The Little Animals by Sarah Tolmie

Canadian author Sarah Tolmie’s The Little Animals provides a fictional recounting of the discoveries of Antoni Van Leeuwenhoek, a Dutch draper who had a side interest in producing “fine optical instruments,” including microscopes. Van Leeuwenhoek used his microscopes to examine drops of water, blood, and other objects, observing single-celled organisms, red blood cells, and other entities visible only under magnification. He referred to the creatures he saw as “animalcules” or “little animals,” hence the book’s title.

Van Leeuwenhoek was born in 1632 in Delft, Netherlands. His discoveries were cutting-edge at the time.

With the aid of his microscopes, Van Leeuwenhoek “sees monsters: creatures more bizarre than those painted by Bosch, with many legs and no heads and bodies that make no sense.” He finds his discoveries dizzying. His thoughts “give him vertigo,” and

“They make him fear that he is living through a monstrous time, in which infinity is creeping into everything. Occasionally he has looked through the artificial eye of the microscope and has had to clutch the table for fear of falling in. Into the inexplicable, teeming world of the animalcule, in which he would not last a minute but would be torn apart by millions of chomping jaws.”

Evocative prose like the paragraph above is one of the factors that makes the book enjoyable. The Little Animals is an engaging story recounted with vivid and striking prose. The novel provides a strong sense of time and place, reflecting Tolmie’s background research.

In a short section titled “A Note on Historicity,” Tolmie notes that she has taken liberties with certain aspects of Van Leeuwenhoek’s life. One example is the time line of his discoveries. Another is the addition of a character called the goose girl, whom Van Leeuwenhoek meets in the opening paragraphs of the book. Though uneducated and socially awkward, the goose girl, too, believes in the presence of the little animals, for a different reason. She thinks she has heard them talking to her. While Van Leeuwenhoek has seen them with his eyes, she has seen them with her heart.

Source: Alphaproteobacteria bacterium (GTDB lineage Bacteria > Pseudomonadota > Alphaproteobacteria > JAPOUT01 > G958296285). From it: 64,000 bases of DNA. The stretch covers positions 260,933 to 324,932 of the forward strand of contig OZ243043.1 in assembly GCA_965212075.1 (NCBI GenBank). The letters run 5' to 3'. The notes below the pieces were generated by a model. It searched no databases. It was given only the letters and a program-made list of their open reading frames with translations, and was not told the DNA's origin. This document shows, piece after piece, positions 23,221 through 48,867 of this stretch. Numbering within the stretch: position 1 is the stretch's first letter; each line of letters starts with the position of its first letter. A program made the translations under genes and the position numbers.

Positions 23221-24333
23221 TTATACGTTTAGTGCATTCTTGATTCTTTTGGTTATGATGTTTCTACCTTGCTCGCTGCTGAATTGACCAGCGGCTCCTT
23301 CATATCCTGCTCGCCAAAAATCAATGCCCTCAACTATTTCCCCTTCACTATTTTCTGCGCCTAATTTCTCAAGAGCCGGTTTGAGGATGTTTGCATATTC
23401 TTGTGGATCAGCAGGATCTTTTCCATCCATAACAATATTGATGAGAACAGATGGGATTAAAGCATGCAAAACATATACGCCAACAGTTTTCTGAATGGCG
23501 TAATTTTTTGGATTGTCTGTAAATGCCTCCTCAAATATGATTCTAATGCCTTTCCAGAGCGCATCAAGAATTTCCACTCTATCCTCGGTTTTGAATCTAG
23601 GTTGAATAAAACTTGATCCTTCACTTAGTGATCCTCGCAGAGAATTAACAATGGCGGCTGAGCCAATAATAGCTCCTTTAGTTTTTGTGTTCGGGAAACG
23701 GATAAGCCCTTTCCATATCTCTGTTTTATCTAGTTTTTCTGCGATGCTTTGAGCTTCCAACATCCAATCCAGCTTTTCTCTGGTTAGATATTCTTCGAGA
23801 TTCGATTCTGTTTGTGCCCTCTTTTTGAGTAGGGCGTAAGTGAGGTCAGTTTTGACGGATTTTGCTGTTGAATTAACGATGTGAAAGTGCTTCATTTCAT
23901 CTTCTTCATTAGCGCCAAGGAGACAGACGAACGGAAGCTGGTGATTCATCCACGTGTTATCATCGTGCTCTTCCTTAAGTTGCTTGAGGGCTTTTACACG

The goose girl is a colourful character who lends mysticism to the proceedings. Tolmie notes that the goose girl is “broadly drawn from the Brothers Grimm,” but she rings true as a character nonetheless. Tolmie’s description of the goose flock, each with their own personalities, is also striking. The novel includes other interesting characters as well, including a young artist, a painter friend of Leeuwenhoek’s, and a male sex trade worker.

The Little Animals received a Special Citation at the 2020 Philip K. Dick Awards.

Sarah Tolmie is the author of the poetry collection The Art of Dying (McGill-Queen’s University Press, 2018), the 120-sonnet sequence Trio (McGill-Queen’s University Press, 2015), and the chapbook Sonnet in a Blue Dress and Other Poems (Baseline Press, 2014). She has published two novels with Aqueduct Press, The Little Animals (2019) and The Stone Boatmen (2014), as well as two short fiction collections, Two Travelers (2016) and NoFood (2014). She is a medievalist trained at the University of Toronto and Cambridge and is a Professor of English at the University of Waterloo.

  • Publisher ‏ : ‎ Aqueduct Press (May 1 2019)
  • Language ‏ : ‎ English
  • Paperback ‏ : ‎ 384 pages
  • ISBN-10 ‏ : ‎ 1619761610
  • ISBN-13 ‏ : ‎ 978-1619761612

Lisa Timpf is a retired HR and communications professional who lives in Simcoe, Ontario. Her writing has appeared in New Myths, Star*Line, The Future Fire, Triangulation: Habitats, and other venues. Lisa’s speculative haibun collection, In Days to Come, is available from Hiraeth Publishing. You can find out more about Lisa’s writing at